5 Types of Exhaustion
“Sorry I’ve been quiet, how have you been?” I texted a friend late one night, after a long, mentally draining day. I’d left a handful of messages unanswered for days, not necessarily because I was too busy to offer a short reply, but because I hadn’t had the mental space to offer a thoughtful one.
“Bone tired exhausted” he replied.
“Me too,” I typed, “Can I just call you?” This type of exchange-swapping fatigue- has become normal, but it shouldn’t be.
Exhaustion has become a near-constant state for many Americans; in 2017, 43% of American workers admitted to extreme exhaustion that impacted their ability to think clearly, make informed decisions, and be productive. That last one is the real kicker-most of us love to be productive. It feels good to accomplish things, and better yet, we’re rewarded for doing so. But we’re increasingly inundated with stimuli, obligations, causes to care about, people to see, places to be, and images to uphold that it can feel downright wrong to take a break.
We like to commiserate over shared exhaustion and might even feel proud of being tired. Being tired means we’re getting ahead, wherever that is. One huge downside to this pride is the subsequent shaming of those who do chose to take breaks, “I wish I had the time to watch TV,” or “You’re so fortunate you have the time to take that vacation.” Taking a break, sleeping enough, and not over-extending yourself are all good things. “Self-care” has become all the rage, but sometime self-care can feel chore-ish, and often, “self-care” costs more than a little money.
This isn’t about money though. Exhaustion can manifest in various ways, and each type of exhaustion requires it’s own solution.
Physical exhaustion usually occurs when you’re sleep deprived or after a huge physical undertaking. Physical exhaustion is pretty easy to identify and address: you’ll feel sluggish, irritable, and unduly hungry. Physical exhaustion cannot be remedied by drinking a vat of coffee or taking some other stimulant. Physical exhaustion can increase cortisol, worsen insomnia, decrease appetite, increase illness, and significantly change your mood. This can all be easily remedied by lightening physical exercise, increasing sleep, and prioritizing rest (easier said than done).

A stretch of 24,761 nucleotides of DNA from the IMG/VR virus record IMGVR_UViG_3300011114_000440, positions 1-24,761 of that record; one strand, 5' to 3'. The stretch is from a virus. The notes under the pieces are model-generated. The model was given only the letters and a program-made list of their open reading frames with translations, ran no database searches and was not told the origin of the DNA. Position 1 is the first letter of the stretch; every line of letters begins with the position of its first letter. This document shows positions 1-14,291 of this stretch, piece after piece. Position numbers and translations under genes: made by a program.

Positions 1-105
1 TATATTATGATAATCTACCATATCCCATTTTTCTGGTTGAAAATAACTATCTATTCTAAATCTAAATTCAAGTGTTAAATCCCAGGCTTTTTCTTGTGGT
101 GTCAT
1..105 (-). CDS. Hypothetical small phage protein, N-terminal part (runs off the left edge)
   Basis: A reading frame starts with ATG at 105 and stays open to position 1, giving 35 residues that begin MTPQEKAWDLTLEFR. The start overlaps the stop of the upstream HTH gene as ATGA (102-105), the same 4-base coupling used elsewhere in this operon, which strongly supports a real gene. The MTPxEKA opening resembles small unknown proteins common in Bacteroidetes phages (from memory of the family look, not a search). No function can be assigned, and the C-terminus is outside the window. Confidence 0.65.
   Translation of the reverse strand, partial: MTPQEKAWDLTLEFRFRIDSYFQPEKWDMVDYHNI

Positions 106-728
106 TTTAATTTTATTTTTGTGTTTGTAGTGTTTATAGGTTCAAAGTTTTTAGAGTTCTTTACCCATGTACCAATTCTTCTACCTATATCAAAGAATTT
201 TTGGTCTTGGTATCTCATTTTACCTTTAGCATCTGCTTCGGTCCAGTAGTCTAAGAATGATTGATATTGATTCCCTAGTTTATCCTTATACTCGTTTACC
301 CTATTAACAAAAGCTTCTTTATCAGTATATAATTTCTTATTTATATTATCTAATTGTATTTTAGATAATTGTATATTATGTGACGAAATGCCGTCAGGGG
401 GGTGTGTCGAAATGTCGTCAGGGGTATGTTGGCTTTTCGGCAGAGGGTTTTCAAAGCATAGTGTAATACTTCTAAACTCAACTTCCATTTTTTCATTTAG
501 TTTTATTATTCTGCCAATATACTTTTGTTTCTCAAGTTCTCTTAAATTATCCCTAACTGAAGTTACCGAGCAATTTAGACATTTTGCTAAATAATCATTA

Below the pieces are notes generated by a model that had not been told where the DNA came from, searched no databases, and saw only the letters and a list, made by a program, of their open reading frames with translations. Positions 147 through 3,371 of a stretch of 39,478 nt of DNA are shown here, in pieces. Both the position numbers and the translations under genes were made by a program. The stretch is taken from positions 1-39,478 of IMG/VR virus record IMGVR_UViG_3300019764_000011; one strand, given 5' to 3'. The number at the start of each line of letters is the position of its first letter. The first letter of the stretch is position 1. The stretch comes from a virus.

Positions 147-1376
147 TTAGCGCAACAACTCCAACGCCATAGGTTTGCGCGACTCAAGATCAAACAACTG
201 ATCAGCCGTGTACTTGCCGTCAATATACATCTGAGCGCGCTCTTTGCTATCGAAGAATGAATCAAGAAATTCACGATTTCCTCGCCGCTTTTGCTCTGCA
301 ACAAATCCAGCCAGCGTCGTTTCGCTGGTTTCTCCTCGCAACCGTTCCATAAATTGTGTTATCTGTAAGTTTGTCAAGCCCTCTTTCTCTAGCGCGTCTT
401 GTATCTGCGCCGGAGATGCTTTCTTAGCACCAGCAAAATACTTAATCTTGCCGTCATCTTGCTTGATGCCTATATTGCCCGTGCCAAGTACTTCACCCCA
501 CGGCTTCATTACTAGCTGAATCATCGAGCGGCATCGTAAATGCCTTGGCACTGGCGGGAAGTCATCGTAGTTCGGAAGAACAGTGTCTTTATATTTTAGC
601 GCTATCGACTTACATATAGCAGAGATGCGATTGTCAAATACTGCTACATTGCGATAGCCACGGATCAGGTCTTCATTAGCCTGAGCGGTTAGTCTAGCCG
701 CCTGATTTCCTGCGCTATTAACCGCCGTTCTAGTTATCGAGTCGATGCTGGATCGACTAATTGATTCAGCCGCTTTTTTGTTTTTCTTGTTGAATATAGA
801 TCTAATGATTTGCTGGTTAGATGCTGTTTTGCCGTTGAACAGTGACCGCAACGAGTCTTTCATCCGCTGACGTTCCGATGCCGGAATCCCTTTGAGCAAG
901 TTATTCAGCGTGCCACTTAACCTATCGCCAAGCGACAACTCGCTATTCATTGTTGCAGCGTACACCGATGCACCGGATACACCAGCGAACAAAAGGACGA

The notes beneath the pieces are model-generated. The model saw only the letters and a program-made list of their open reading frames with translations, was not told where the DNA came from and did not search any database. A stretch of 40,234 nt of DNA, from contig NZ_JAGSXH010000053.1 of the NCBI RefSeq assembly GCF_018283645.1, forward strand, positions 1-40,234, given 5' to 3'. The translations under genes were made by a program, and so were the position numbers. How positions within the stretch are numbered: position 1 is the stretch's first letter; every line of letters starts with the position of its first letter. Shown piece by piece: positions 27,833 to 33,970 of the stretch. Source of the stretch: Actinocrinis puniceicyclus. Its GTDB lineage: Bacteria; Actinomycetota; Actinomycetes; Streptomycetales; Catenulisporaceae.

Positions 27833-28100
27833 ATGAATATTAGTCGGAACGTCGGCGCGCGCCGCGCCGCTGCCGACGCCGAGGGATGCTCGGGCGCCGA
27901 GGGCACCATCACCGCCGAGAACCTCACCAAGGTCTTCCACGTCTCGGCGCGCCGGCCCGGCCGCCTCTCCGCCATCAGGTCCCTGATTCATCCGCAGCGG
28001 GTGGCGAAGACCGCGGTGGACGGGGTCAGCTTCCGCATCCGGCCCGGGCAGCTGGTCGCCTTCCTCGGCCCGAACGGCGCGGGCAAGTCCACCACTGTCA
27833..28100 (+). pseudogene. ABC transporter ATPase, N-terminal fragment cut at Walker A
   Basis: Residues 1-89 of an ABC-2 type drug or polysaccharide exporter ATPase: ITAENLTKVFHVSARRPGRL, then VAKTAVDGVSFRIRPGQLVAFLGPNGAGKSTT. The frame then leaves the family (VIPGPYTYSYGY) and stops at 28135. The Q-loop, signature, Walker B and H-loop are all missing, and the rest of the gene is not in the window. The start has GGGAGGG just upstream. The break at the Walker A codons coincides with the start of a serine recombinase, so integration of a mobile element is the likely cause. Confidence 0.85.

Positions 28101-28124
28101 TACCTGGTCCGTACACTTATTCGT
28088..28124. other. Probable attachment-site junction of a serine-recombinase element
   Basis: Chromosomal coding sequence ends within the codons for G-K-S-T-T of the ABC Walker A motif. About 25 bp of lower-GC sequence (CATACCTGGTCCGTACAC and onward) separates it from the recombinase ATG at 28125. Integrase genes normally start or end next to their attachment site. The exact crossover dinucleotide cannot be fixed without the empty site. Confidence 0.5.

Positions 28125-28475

In an effort to be extremely productive, many of us push our mental capacity to the limit. Mental exhaustion is marked by an inability to concentrate, apathy, difficulty concentrating or remembering things, decreased productivity, isolation, and physical symptoms such as increased/decreased appetite, insomnia, headaches, or body aches. The best way to counteract mental exhaustion is to take a step back from work or whatever else might be taking up all your mental space. Practicing yoga or meditation and decreasing time spent with electronic devices has also been shown to help.
Emotional exhaustion is often brought on by persistent relationship friction, a period of grief, financial strains, or constantly acting as caretaker at work or at home. Feeling as if you have nothing left to give or that your mood is consistently low or compromised is a good sign that you’re emotionally exhausted. Treating emotional exhaustion is inherently complex and may require drastic lifestyle changes. If your job is emotionally draining, taking time off or learning healthy coping mechanisms can help. If relationships are draining, a therapist or counselor can help you navigate the difficulty of establishing and maintaining healthy boundaries. All of this takes time, but emotional exhaustion can be remedied.
Values Disconnect Exhaustion & Purpose Exhaustion
These two final types of exhaustion are new to me, and they’re a bit less straightforward. Values disconnect exhaustion occurs when a person has to compromise their own character and beliefs in order to meet the expectations placed on them. This happens all the time, and slowly wears away vibrancy, drive, and happiness. For example: your parents heavily influence you to become a lawyer, but you don’t really want to be a lawyer. Your parents paid for school, so you feel like you have little choice. You become a lawyer and live a life of quiet resentment until something breaks. The only way to resolve this type of exhaustion is to discover your values and create a life that reinforces those values.
Purpose exhaustion is the most difficult to recognize. You may feel well physically, mentally, emotionally, and live a “good” life, but you feel like something is missing. Many people who feel this way disregard their lack of satisfaction or write it off as ingratitude. The only thing that will really help resolve these feelings is to explore activities or disciplines that will bring you true joy and satisfaction. Those with purpose exhaustion often feel like they’re simply existing instead of thriving. We often feel guilty for purpose exhaustion and justify our lives in comparison to those who live harder or “worse” lives. Ironically, justifying an unhappy existence only reinforces unhappiness.
P.S. I’m not an expert on exhaustion, I was simply feeling exhausted and wanted to learn more. Check out The Burnout Society by Byung-Chul Han: “Denouncing a world in which every against-the-grain response can lead to further dis-empowerment, Han draws on literature, philosophy, and the social and natural sciences to explore the stakes of sacrificing intermittent intellectual reflection for constant neural connection.”